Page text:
BOSTON (Reuters) - It’s summer in the United States, but many Americans are already fretting about winter.
Record prices for home heating oil are rippling across America’s northern regions, stoking demand for wood stoves and other alternatives, and forcing some heating oil companies out of business.
In New England, which has the nation’s highest rates of heating oil use, homeowners are bracing for a near doubling in the cost to fill home oil storage tanks compared with last year.
The surging cost has spread alarm among heating oil distributors, mainly small and often family-run businesses. Their profit margins already squeezed, they now face the prospect of taking on unprecedented amounts of debt to buy fuel for winter.
“It’s cutting into us really deep now,” said Ray Scarfo, president of Ranco Fuel, a 33-year-old family-run business in Medford, Massachusetts. “We don’t even know if we’ll even have a heating oil business when it comes to next winter.”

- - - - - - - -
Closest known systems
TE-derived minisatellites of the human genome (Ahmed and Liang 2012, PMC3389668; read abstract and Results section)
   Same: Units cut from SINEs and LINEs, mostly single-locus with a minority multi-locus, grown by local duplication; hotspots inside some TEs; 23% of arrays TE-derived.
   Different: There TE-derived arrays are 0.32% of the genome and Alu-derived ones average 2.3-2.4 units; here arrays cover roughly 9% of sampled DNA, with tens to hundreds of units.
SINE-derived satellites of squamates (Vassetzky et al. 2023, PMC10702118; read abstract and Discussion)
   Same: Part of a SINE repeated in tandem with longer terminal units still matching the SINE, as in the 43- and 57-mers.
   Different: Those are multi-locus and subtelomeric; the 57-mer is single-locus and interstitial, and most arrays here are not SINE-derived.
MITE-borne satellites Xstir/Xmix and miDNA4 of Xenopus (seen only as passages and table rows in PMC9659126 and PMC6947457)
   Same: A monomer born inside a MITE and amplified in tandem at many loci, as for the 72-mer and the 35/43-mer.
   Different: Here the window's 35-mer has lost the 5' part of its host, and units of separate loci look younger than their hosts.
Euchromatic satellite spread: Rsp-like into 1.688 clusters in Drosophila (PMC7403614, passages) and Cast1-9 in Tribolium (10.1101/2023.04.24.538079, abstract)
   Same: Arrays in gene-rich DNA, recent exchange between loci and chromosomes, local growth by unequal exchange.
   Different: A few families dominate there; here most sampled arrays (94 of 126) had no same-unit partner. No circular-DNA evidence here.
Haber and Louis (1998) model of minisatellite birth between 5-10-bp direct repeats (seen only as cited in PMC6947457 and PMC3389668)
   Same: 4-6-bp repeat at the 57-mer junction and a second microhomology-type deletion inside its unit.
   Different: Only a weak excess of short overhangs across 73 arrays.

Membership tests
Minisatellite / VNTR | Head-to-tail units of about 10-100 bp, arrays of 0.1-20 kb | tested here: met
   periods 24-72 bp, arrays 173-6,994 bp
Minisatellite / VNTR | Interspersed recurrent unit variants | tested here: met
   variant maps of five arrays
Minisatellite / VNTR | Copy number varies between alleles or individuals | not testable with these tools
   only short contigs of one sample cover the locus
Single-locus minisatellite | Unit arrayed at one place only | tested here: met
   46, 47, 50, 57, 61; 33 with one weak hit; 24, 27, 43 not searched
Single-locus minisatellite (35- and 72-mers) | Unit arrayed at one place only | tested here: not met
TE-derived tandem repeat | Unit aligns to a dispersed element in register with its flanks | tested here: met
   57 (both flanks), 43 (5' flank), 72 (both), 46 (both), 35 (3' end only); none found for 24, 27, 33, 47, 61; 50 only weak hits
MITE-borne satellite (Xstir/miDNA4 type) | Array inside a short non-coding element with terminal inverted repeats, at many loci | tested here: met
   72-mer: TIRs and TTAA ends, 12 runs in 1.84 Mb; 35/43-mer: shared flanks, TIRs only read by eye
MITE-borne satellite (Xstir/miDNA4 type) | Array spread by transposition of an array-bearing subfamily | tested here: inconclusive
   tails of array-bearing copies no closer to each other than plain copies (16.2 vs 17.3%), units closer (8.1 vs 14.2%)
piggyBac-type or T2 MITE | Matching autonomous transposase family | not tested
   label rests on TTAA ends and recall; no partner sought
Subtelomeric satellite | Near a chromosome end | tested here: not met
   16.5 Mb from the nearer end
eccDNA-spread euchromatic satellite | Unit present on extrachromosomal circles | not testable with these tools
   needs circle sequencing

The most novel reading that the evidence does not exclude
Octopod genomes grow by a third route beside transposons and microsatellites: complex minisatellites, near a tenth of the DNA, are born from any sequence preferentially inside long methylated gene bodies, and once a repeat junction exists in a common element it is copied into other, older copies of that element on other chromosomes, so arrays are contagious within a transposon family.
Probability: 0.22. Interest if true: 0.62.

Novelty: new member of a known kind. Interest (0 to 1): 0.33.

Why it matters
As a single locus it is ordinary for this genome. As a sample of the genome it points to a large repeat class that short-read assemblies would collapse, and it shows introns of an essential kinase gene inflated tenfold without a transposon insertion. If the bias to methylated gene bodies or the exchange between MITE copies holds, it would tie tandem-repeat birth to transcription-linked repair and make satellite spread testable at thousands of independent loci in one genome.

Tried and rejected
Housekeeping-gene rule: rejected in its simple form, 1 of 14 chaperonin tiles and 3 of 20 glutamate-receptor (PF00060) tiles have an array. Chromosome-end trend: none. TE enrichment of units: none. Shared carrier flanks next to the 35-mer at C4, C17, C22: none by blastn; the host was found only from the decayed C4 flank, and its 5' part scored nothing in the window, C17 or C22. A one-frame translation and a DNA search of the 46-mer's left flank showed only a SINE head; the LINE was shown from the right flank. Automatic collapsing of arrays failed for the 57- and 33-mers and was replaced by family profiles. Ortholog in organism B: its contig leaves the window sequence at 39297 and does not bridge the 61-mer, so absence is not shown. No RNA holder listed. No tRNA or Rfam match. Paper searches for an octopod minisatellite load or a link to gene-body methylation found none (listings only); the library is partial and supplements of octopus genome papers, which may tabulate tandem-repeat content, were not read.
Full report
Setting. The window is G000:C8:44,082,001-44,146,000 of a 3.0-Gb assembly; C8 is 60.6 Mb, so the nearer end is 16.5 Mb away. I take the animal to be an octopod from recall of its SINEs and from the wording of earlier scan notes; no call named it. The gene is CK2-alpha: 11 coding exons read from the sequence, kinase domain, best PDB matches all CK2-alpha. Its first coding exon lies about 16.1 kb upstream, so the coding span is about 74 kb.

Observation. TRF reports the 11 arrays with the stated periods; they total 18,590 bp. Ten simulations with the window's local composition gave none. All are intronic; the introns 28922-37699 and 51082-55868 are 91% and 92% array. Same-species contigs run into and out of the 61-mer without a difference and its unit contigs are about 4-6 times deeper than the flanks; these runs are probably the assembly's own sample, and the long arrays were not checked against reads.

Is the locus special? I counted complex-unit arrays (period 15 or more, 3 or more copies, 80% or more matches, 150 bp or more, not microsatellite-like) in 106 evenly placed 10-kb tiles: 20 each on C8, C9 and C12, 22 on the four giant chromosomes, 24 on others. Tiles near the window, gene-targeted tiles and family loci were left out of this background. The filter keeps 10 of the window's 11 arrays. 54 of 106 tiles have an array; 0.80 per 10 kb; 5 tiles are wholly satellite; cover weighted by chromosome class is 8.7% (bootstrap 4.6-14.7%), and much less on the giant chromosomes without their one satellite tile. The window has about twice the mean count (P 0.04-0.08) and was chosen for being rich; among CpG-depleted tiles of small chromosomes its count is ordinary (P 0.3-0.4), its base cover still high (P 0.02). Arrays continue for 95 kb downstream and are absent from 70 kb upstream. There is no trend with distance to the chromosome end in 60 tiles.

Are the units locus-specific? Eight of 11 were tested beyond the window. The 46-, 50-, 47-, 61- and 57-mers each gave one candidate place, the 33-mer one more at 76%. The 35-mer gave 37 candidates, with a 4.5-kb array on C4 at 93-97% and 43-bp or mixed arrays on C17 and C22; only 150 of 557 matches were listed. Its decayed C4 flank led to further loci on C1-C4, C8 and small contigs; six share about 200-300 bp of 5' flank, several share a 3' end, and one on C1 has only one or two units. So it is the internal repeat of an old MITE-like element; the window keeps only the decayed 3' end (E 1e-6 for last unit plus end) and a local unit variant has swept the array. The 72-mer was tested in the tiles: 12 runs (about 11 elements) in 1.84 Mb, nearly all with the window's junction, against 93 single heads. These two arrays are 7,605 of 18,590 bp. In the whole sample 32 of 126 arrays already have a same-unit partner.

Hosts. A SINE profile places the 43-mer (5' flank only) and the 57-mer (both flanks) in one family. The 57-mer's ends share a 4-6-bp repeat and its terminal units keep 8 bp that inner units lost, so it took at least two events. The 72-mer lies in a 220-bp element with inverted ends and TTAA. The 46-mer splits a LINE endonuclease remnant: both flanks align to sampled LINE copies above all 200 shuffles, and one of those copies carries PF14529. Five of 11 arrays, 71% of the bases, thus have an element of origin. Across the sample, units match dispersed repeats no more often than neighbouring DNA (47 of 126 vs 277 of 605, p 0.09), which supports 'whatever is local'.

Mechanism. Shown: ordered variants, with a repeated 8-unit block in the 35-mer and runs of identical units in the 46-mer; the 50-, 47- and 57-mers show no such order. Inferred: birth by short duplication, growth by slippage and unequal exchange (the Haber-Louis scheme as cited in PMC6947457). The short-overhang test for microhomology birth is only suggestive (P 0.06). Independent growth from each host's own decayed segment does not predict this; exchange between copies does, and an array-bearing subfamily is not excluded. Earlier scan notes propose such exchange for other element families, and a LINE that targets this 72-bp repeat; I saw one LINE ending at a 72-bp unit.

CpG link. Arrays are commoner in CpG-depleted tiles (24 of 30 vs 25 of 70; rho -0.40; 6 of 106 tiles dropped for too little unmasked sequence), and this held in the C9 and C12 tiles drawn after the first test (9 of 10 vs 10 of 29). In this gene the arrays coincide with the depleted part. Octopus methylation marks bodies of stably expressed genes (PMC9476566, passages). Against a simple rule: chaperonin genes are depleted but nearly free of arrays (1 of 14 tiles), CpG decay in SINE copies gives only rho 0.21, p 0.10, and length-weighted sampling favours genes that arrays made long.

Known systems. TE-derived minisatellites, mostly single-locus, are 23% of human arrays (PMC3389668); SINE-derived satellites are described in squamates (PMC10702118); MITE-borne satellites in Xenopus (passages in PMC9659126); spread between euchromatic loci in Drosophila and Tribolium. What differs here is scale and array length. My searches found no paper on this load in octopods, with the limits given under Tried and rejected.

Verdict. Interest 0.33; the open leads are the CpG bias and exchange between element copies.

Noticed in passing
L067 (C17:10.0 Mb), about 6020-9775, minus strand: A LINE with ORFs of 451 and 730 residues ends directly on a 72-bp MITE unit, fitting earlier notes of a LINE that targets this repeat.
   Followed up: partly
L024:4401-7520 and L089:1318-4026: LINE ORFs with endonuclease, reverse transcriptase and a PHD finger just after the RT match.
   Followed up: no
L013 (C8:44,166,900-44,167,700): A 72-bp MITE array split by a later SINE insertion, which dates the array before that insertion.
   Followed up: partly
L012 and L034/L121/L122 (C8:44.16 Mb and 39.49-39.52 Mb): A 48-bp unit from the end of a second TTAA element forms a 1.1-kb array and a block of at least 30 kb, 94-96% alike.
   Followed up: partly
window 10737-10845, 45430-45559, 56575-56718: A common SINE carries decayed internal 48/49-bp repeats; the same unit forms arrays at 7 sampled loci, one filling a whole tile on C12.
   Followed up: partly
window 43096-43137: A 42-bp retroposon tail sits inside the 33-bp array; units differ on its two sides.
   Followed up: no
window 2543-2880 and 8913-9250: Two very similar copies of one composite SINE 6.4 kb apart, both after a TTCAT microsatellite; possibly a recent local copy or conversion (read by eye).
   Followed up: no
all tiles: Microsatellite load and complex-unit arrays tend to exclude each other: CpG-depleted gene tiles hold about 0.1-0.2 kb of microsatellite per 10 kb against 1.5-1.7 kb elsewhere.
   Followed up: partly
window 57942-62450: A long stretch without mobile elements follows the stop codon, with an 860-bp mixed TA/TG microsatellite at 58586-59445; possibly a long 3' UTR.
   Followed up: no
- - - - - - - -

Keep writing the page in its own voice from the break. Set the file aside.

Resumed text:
Three heating oil companies have failed since March in Connecticut. Vermont is creating a task force to help residents deal with rising heating oil and gas prices, and from Maine to Minnesota authorities are warning residents to prepare for a surge in the cost of staying warm.
On July 9, the governors of Maine, Massachusetts, New Hampshire and Rhode Island called on Washington to increase the region’s home heating assistance to $1 billion from $252 million last winter.
“This is a human catastrophe coming at us in the state of Maine in terms of energy supply and costs,” Angus King, the state’s former governor, told a recent alternative energy industry gathering. Maine has the highest rate of heating oil use in the nation, with about 87 percent of homes using heating oil or kerosene.
King said he expects the cost to fill a typical family’s heating oil storage tank in Maine could top $1,000 this winter, double last year’s cost, following a recent spike in heating oil prices above $4 a gallon. Other estimates put the cost at about $800, up 60 percent from last year.